- Some of the most physically imposing players across college basketball history have plied their trade at the power forward position.
- Although a more modern archetype of this position has seen players move further out to the three-point line, a power forward’s role is to work inside the paint and use their size and strength to score around the basket and provide a rebounding platform on loose balls.
- The center on a basketball team will almost always be the tallest and most physical in stature because of the nature of their role within the squad.
- Centers generally play closest to the basket of all five positions and are mainly utilized as a rim-protector, which means their key responsibility is to deter players from driving inside and scoring, blocking shots of players who get close to the rim and rebounding the ball using their size and length. Centers usually spend the least amount of time on the ball but given their proximity to the basket, tend to be some of the most efficient scorers in the game.
The US Scholarship Landscape
Although there are around 1,400 four-year college options within the US for players looking to secure a basketball scholarship, only around 1% of the top players from across the world will be successful in securing an offer from one of the 350 Division-I schools available.
Around 300 of the very best basketball programs and facilities are nestled within NCAA Division-II, which still provides one of the most competitive and high-level basketball settings outside of the professional game, making it a more viable and attractive option for players aiming to combine their love of the sport with a world-class education.
NCAA Division-III boasts over 400 elite basketball programs across the United States and with a slightly less demanding athletic schedule than its DI and DII counterparts, these schools offer a better balance to student-athletes in their everyday lives.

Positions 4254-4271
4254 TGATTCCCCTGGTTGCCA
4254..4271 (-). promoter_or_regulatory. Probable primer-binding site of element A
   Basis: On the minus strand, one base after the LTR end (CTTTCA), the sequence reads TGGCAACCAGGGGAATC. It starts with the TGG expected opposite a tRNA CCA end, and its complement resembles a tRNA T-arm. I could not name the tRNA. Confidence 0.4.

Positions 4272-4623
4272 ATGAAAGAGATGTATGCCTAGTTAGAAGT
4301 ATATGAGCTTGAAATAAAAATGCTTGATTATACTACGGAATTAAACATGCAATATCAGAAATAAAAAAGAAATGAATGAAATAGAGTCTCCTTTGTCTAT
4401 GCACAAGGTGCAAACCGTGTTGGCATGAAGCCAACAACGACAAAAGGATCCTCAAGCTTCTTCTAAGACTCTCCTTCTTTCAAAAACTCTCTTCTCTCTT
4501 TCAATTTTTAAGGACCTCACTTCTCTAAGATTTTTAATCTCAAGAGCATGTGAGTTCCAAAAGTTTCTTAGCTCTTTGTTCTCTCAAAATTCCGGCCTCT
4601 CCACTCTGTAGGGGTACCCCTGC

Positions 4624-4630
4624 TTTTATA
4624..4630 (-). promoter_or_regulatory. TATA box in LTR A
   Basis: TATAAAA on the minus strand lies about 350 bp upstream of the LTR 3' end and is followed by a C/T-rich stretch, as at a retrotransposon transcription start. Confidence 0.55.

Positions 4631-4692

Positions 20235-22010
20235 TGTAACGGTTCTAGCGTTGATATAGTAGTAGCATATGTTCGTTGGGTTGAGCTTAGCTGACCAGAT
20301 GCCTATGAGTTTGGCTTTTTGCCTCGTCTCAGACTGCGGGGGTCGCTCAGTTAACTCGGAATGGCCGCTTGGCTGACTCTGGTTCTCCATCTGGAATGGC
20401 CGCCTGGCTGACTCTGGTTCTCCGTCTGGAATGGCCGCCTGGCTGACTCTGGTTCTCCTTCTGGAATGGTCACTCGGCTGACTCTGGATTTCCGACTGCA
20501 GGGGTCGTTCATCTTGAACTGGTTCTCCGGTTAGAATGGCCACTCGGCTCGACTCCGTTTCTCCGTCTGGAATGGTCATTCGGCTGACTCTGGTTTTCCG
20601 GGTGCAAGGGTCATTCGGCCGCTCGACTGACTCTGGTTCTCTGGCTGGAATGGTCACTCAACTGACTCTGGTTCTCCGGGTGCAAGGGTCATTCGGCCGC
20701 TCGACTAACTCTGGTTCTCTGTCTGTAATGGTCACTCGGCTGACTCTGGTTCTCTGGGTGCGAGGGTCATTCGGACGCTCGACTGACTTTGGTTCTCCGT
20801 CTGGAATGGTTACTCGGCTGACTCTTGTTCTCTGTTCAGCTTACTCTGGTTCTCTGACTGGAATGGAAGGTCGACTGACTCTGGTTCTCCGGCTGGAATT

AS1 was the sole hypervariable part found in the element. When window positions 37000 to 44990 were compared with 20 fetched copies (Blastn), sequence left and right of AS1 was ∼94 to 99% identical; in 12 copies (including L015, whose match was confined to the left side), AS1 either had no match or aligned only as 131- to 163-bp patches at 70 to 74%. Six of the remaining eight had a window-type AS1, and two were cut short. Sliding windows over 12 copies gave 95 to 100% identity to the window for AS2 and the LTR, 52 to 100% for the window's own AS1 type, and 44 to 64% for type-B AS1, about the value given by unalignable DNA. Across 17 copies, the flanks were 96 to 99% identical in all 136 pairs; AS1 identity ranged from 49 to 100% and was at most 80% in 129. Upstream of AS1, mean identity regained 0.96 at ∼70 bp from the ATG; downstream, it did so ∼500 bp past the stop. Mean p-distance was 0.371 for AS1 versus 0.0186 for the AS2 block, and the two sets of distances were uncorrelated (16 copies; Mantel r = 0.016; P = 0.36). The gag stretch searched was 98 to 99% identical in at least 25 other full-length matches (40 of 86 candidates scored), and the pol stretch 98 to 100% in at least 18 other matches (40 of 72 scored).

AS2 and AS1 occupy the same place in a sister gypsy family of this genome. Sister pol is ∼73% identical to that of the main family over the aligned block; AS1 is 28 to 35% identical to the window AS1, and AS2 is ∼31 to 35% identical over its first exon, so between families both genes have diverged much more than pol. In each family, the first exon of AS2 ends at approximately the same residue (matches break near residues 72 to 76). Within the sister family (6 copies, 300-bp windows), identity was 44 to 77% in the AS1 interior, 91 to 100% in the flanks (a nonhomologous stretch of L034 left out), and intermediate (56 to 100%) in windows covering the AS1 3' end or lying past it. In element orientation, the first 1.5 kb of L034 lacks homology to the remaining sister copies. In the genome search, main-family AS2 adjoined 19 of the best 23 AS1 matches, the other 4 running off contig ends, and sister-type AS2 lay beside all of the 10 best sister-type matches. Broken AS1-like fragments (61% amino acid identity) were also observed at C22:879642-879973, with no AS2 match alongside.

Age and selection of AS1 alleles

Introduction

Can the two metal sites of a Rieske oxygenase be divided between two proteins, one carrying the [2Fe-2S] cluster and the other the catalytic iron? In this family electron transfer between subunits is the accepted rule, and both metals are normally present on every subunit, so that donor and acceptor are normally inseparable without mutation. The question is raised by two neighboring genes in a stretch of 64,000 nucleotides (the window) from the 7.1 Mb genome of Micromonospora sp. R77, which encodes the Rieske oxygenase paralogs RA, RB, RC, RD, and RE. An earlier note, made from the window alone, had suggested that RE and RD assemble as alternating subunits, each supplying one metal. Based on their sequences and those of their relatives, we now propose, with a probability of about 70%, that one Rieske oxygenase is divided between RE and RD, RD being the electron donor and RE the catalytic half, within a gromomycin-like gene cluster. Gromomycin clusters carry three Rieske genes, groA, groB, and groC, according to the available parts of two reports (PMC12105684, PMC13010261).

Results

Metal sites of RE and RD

Across NAIA and NJCAA, there are over 800 schools that offer a basketball scholarship program, and most athletes who aim to play at one of the top two NCAA divisions see this as the perfect gateway opportunity to gain further experience before transferring up the levels.
The Internationalization of basketball recruitment
College basketball in the USA over the past 6-7 years has become increasingly focused on expanding the recruitment efforts within the overseas market, with some of the most high-profile players in the world having navigated the scholarship route as an international student-athlete. This past season, the top three MVP candidates in the National Basketball Association were all international players in Giannis Antetokounmpo, former Kansas University star Joel Embiid and the eventual winner Nikola Jokic, following the trend of 4 of the past 5 award-winners hailing from an overseas market.
Across the 2021-22 NCAA D-I basketball season, over 15% of the total men’s players were of non-US nationality, with Canada, Australia, Nigeria, Serbia, and the United Kingdom making up the top 5 territories with the highest representation in the division. Both men’s and women’s Naismith College Player of the Year winners this season were also from an international market, with South Carolina’s Aliyah Boston from Saint Thomas in the Virgin Islands, and Kentucky’s Congolese big man Oscar Tshiebwe the eventual winners over their American counterparts.
Securing a basketball scholarship with FirstPoint USA
As the world’s leading sports scholarship consultancy, we have over 20 years of experience in recruiting and placing basketball players in some of the top programs in the United States, and through close-working strategic partnerships, our vast international scouting network is perfectly equipped to onboard the very best talent.
FirstPoint USA has a dedicated team of specialist talent management consultants who have assisted thousands of young athletes to propel their athletic and academic careers through successful partnerships with top U.S institutions. In addition to this, we also have robust processes and support tools in place to help you understand the intricacies of your scholarship options, so we’re with you every step of the way.
For more information on the life-changing opportunities for young men and women that a basketball scholarship in the USA can provide, why not schedule a call with one of our specialist consultants today.
FirstPoint USA is an international scouting service, providing recruitment services to hundreds of NCAA, NAIA, and NJCAA member institutions seeking to identify the very best in overseas talent, both male and female.
The company was founded in 2001 by former University of Cincinnati All-American and Hall of Fame inductee, Andrew Kean, and evaluates over 100,000 prospective student-athletes, competing in over 20 different sports, across 187 countries each year.